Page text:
City officials Tuesday approved installing a camera security system at the RiverWalk at Head of Falls in downtown Waterville. The park has seen many acts of vandalism and other illegal activity that officials say are costing the city thousands of dollars. Rich Abrahamson/Morning Sentinel file

WATERVILLE — The City Council voted 6-1 Tuesday night to buy a $41,339 security surveillance system for the RiverWalk at Head of Falls to help reduce vandalism, increase public safety and identify and apprehend those who vandalize the area and engage in other illegal activities.

Councilors voted on one order and two resolutions as part of the RiverWalk surveillance system request. Councilors voted 7-0 to accept a $30,000 donation from Colby College to go toward the purchase of the system from Griffon Security Technologies, a Kennebunk company that also installed a security system at City Hall. The council must take two votes to accept that donation, and could take only one vote Tuesday.

Councilors voted 6-1, with Councilor Rick Foss, R-Ward 5, dissenting, to spend $11,339 from the Police Department’s drug forfeiture fund for the remainder needed to buy the surveillance system. The council voted 6-1, with Foss again the lone dissenter, to approve buying the system from Griffon.

Mayor Jay Coelho reiterated what he has said in the past — that he opposes the idea of installing cameras in public places. He said he hopes the cameras do what city officials think they will do, but he is doubtful.

“I still don’t like the cameras down there,” he said.

Foss concurred, saying, “I do not like cameras watching people’s every move.”


Ward 4 resident Elizabeth Leonard asked what options, other than installing cameras, had been considered to address the problem at the RiverWalk.

Police Chief Joseph Massey said he has increased patrols at RiverWalk, conducted targeted patrols and had officers patrol the area in plain clothes, but the illegal activity continues. He said the RiverWalk is a jewel and one of the city’s best amenities, and people need to be able to feel safe there.

“Overall, I think it’s a good expenditure,” Massey said, “and we have done everything we can.”

Seven cameras are to be installed in five areas — at the kiosk by the Two Cent Bridge, near the entrance to Front Street, at the gazebo, in the stage area at the north end of the RiverWalk and at the farmers’ market parking lot.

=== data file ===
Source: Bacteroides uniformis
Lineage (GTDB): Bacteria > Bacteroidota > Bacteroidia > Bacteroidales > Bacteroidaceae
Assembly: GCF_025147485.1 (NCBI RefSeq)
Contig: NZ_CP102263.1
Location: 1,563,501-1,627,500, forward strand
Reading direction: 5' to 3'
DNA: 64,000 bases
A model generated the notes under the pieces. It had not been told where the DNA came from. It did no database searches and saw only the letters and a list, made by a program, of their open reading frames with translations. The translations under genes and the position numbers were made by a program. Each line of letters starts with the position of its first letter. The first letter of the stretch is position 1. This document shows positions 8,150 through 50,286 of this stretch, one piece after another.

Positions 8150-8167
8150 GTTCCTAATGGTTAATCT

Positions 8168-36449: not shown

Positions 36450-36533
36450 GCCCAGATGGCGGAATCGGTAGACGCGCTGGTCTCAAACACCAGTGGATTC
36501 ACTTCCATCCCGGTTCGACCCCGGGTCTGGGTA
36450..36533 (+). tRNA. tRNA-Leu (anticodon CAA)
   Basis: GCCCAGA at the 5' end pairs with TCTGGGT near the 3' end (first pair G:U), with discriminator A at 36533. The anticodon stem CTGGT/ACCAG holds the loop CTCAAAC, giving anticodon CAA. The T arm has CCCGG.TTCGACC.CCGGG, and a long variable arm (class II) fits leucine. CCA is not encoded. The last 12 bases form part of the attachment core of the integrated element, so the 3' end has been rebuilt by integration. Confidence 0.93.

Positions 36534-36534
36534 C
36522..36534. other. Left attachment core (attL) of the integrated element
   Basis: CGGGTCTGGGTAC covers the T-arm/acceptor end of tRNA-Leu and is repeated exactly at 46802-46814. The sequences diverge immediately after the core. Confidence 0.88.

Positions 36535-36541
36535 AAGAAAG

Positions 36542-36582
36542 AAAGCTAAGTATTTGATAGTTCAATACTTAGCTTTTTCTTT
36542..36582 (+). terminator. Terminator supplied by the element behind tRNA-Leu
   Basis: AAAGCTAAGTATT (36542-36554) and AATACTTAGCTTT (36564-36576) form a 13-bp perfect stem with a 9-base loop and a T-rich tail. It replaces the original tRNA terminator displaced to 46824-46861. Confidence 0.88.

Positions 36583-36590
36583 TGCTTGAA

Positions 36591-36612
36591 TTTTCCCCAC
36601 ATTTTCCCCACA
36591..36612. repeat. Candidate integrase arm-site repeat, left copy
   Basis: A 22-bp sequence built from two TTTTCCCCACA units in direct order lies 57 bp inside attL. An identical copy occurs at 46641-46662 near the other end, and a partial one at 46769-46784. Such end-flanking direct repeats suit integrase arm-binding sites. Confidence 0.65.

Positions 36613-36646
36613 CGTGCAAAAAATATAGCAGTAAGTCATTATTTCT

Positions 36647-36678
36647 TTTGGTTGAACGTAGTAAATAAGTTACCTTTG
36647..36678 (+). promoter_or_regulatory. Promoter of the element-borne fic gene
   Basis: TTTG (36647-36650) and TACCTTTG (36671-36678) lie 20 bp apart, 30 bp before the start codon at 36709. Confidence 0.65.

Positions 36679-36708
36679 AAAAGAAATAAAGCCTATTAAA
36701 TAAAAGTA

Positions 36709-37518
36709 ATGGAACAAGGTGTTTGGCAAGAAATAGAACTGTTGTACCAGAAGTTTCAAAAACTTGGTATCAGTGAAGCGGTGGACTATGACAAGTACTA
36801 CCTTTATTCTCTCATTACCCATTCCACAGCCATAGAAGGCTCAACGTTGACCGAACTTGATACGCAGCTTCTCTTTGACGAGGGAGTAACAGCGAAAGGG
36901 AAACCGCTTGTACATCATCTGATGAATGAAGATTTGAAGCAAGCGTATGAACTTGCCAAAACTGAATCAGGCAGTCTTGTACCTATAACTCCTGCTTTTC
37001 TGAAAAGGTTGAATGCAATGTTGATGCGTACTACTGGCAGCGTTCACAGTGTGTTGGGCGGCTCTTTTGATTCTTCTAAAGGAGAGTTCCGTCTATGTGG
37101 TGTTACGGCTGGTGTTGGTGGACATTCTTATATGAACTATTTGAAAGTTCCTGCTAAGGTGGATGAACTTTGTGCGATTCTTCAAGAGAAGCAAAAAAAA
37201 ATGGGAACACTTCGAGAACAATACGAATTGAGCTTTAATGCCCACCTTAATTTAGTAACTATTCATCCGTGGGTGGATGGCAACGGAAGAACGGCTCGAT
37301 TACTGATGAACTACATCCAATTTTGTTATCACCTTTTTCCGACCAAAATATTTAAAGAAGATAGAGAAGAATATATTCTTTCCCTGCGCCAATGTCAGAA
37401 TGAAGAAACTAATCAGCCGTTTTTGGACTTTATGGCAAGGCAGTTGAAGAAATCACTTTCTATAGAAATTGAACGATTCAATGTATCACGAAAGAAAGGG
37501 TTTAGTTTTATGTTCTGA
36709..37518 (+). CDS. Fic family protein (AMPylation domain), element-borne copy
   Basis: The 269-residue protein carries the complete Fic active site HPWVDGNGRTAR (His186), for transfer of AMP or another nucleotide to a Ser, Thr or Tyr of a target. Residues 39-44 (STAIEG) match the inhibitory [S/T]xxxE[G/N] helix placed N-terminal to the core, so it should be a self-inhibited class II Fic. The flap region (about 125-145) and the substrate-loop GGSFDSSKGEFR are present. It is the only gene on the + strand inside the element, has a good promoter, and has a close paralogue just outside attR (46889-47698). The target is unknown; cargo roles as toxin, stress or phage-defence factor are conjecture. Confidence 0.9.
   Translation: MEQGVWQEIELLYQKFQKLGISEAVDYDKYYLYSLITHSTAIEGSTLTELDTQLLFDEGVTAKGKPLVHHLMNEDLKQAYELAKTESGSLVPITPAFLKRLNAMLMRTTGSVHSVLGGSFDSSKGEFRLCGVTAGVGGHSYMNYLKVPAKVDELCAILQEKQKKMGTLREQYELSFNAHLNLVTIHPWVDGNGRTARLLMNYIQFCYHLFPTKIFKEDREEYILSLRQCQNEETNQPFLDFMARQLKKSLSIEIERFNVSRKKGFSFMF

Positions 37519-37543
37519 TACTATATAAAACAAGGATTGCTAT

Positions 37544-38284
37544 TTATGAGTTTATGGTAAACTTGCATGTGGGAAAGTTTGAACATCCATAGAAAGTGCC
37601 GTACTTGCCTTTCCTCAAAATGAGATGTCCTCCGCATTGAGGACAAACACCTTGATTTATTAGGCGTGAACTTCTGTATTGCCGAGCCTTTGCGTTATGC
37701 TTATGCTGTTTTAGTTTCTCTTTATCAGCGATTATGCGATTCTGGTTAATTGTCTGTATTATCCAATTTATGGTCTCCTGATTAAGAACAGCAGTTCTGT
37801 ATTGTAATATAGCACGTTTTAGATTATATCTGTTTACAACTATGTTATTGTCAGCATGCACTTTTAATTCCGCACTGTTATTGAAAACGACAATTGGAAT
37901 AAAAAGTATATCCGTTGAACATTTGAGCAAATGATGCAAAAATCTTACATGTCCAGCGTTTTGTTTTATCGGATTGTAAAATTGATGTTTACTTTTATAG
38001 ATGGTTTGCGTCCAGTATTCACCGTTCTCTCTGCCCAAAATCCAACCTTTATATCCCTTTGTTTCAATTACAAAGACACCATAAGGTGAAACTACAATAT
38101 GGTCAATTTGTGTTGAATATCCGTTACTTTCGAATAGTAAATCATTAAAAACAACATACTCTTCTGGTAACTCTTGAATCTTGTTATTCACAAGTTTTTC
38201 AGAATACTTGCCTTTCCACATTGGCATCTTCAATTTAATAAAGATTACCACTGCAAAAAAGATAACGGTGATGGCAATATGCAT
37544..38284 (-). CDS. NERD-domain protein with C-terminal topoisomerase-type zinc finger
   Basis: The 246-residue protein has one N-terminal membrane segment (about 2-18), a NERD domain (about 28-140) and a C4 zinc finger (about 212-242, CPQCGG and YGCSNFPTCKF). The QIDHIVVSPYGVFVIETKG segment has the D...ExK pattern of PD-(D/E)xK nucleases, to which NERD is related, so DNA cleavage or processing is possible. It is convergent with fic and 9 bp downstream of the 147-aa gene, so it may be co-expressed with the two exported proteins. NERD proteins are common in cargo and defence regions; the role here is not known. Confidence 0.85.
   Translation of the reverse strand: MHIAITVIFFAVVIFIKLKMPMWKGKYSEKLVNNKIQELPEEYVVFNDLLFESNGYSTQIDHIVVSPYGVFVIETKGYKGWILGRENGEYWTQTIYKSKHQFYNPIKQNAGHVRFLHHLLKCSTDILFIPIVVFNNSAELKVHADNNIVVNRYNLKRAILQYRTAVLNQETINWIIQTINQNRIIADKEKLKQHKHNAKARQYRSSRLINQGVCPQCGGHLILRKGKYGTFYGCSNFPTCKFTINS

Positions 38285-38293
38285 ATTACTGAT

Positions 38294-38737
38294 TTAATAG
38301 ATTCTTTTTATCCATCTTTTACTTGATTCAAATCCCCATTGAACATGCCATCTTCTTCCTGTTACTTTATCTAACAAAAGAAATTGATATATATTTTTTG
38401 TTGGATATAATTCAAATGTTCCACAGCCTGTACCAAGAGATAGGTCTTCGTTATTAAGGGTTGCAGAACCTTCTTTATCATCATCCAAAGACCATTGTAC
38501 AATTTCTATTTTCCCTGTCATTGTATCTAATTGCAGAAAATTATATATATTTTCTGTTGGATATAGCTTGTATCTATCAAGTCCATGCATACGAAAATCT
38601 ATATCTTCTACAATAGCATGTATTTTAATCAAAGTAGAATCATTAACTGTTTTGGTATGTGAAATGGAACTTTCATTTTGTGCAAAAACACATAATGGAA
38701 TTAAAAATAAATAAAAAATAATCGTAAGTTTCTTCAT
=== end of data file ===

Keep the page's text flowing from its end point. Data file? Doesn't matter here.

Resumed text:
Police dispatchers will be able to see activity at the RiverWalk, but they are busy and will not be able to watch all the time, Massey said previously. But if crime occurs there and police learn about it, officers can go through the video to try to identify those responsible.

In other matters Tuesday, the council voted 7-0 to give $50,000 in city funds to five organizations, as recommended by the city’s American Rescue Plan Act Advisory Committee. As part of the vote, Educare Central Maine is to receive $15,000; Habitat for Humanity, $3,000; Maine Children’s Home, $15,000; Waterville Area Soup Kitchen, $10,000; and Waterville Community Land Trust, $7,000.


Committee Chairperson Jennifer Johnson explained how the organizations plan to use the money, including Habitat for Humanity to supply vouchers for those needing household items, such as appliances or furnishings, to be used at its ReStore; the soup kitchen to add breakfast and to-go meals; and the land trust to help people perform house repairs that, if left undone, would make their homes uninhabitable.

“It is to keep people in their homes,” Johnson said.

Councilors also voted Tuesday to extend for a year a contract with WasteZero for purple disposal bags. They also voted to renew a contract with Ecomaine for recycling services.

Coelho, City Manager Steve Daly and some councilors said the city plans to evaluate in the coming year all options for solid waste disposal.

The council voted to approve a Federal Aviation Administration grant amendment that would add $19,000 to an original FAA grant to the city for $332,000, to be used for crack sealing and repainting of traffic markings on runways, aprons and a taxiway at the city-owned Robert LaFleur Municipal Airport. Daly said the FAA is paying for the entire $6 million taxiway project.

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